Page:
The Democrats' plan for keeping the Senate? Repeat their 2012 message

Senate Democrats this week laid out their legislative and political agenda for this year, making it clear they hope to replicate the electoral success they saw in 2012 by focusing on economic issues that impact the middle class. They expect their economic message to trump the Republicans' large focus on Obamacare.

"We picked up seats in the Senate, we carried the presidency by a large amount" in 2012, Sen. Chuck Schumer, D-N.Y., said. "The American people, the majority aren't affected by Obamacare. They want to hear what we're going to do for them -- just go back and look at the 2012 election."

It's unclear whether Democrats will be able to sufficiently mobilize their 2012 supporters -- the CBS News poll released this week shows that Republican voters are clearly more energized about this election. What's more, Senate Democrats this year are defending seats they won in 2008 -- a breakthrough year in which Democrats won eight seats, the most they'd won since 1986.

"They won in a lot of red states that are doing to be difficult to defend this year," RealClearPolitics national political reporter Scott Conroy said in a conversation with CBS News elections director Anthony Salvanto. Democrats have to defend seven Senate seats in states that Mitt Romney carried, he pointed out, while they have only two clear opportunities to pick up seats (in Georgia and Kentucky).

"In the sixth year of a presidency it's... very tough for that president's party to win in midterm elections," Conroy added.

That's especially true given the coalition that Democrats built in 2012, notes Geoffrey Skelley of the University of Virginia's Center for Politics. Young people played a crucial role in President Obama's re-election, but data shows that for more than three decades, younger voters don't turn out for midterm elections the way they do for presidential elections.

Braley's gaffe in Iowa: One seat Democrats could have trouble defending is in Iowa, where Democratic Sen. Tom Harkin is retiring. The likely Democratic nominee, Rep. Bruce Braley, didn't do himself any favors this week when he was caught on camera at a Texas fundraiser criticizing Sen. Chuck Grassley, R-Iowa, for being just a "farmer from Iowa who never went to law school."

Braley apologized for the comment, but Republicans seized the opportunity to slam Braley for talking down to Iowa farmers. The National Republican Senatorial Committee, the Senate GOP's campaign arm, launched robocalls urging voters to "tell Bruce Braley to stop insulting Iowa farmers and that a law degree doesn't equal success." A conservative group called Priorities for Iowa is running an ad urging voters to tell Braley, "We'd rather bet the farm on Grassley than a bunch of trial lawyers from Texas."

Braley this week could take consolation in new endorsements from progressive Sen. Elizabeth Warren, D-Mass., and the grassroots group the Progressive Change Campaign Committee. In an email to PCCC supporters, Warren called Braley a strong voice for working families.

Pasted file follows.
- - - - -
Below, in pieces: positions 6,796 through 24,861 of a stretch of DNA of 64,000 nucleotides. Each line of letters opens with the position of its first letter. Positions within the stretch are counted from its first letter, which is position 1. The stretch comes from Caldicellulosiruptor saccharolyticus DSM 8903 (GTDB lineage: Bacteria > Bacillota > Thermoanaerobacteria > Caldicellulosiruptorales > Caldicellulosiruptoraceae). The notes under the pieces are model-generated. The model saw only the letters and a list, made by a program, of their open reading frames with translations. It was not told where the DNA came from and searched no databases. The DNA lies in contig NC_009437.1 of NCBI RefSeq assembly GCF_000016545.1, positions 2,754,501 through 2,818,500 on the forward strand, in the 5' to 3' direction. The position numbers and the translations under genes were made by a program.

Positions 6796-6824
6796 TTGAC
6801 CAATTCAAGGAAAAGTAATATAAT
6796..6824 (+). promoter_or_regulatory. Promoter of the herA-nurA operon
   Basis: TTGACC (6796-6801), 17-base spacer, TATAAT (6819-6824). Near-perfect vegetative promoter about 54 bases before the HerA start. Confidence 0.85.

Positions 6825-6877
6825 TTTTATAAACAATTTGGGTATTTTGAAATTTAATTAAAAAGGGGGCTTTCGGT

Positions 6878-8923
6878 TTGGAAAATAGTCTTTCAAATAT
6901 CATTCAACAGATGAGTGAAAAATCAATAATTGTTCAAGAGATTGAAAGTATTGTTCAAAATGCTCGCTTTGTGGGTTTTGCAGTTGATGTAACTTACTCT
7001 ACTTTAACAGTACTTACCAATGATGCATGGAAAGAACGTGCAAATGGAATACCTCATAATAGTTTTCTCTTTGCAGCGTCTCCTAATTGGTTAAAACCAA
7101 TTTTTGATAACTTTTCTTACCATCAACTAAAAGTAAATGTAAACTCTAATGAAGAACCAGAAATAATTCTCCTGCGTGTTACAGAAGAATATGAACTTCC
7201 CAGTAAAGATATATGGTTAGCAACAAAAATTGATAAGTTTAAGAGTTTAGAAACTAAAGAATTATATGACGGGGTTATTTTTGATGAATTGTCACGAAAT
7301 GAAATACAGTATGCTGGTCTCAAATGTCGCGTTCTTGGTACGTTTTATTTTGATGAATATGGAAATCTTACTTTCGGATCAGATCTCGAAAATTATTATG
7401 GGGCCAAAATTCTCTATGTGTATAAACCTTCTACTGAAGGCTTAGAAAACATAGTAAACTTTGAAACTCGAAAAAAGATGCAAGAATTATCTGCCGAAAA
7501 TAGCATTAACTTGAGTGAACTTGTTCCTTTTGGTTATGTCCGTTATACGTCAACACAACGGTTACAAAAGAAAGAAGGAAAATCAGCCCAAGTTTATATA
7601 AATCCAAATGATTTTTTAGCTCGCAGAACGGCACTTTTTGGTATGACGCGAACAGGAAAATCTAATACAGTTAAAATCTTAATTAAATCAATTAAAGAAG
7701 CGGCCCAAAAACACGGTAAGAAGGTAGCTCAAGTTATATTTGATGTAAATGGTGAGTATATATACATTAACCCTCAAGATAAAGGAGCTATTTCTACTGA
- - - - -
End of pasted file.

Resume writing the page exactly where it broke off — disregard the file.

A Palin endorsement in Iowa: At the same time, one of the prospective GOP candidates in Iowa received her own high-profile endorsement.

Iowa state Sen. Joni Ernst, ran a memorable ad in which she recalled how she spent her youth castrating hogs. "Washington's full of big spenders," she says at the end of the ad. "Let's make 'em squeal."


Former Alaska Gov. Sarah Palin subsequently endorsed Ernst with a mention of the humorous ad. "Any question about the type of Senator Joni will be?" Palin wrote on her Facebook page. "Check out her first ad -- she makes it pretty clear."

Ernst is one of five Republicans running in the Senate primary, but a clear frontrunner has yet to emerge. A day after Palin issued her endorsement, the Citizens United Political Victory Fund announced its support for radio host Sam Clovis.

McConnell's basketball ad blooper: Senate Democrats think they could pick up a seat in Kentucky, where Senate Minority Leader Mitch McConnell is in one of his most challenging re-election campaigns ever.

McConnell's Democratic opponent, Kentucky Secretary of State Alison Lundergan Grimes, seized another moment to attack the Republican leader this week after the McConnell campaign flubbed up a campaign video.

The McConnell video featured footage of various patriotic scenes, including basketball players in blue and white uniforms -- presumably the University of Kentucky Wildcats. It turns out, though, that the players were from North Carolina's Duke University.


"After 30 years in Washington, DC, Mitch McConnell has clearly lost touch with Kentucky," Grimes' campaign said in a statement. "It turns out he has been in Washington so long he does not even know the difference between Kentucky and Duke basketball."

Schatz ad in Hawaii: The primary in Hawaii isn't until August, but Sen. Brian Schatz, D-Hawaii, is already up with his first ad, emphasizing his support for Social Security and his multicultural family.

"George and Ping live with us," Schatz says in the ad, referring to his wife's parents, "and Social Security has been there for George ever since his eyes gave out, ending his 30 years running the kitchen at Kwok's Chop Suey."

The Democratic senator is staking out a position to the left of his primary challenger, Rep. Colleen Hanabusa. Showcasing his Chinese-American in-laws could also help the senator, given that race is often a factor in Hawaii politics.

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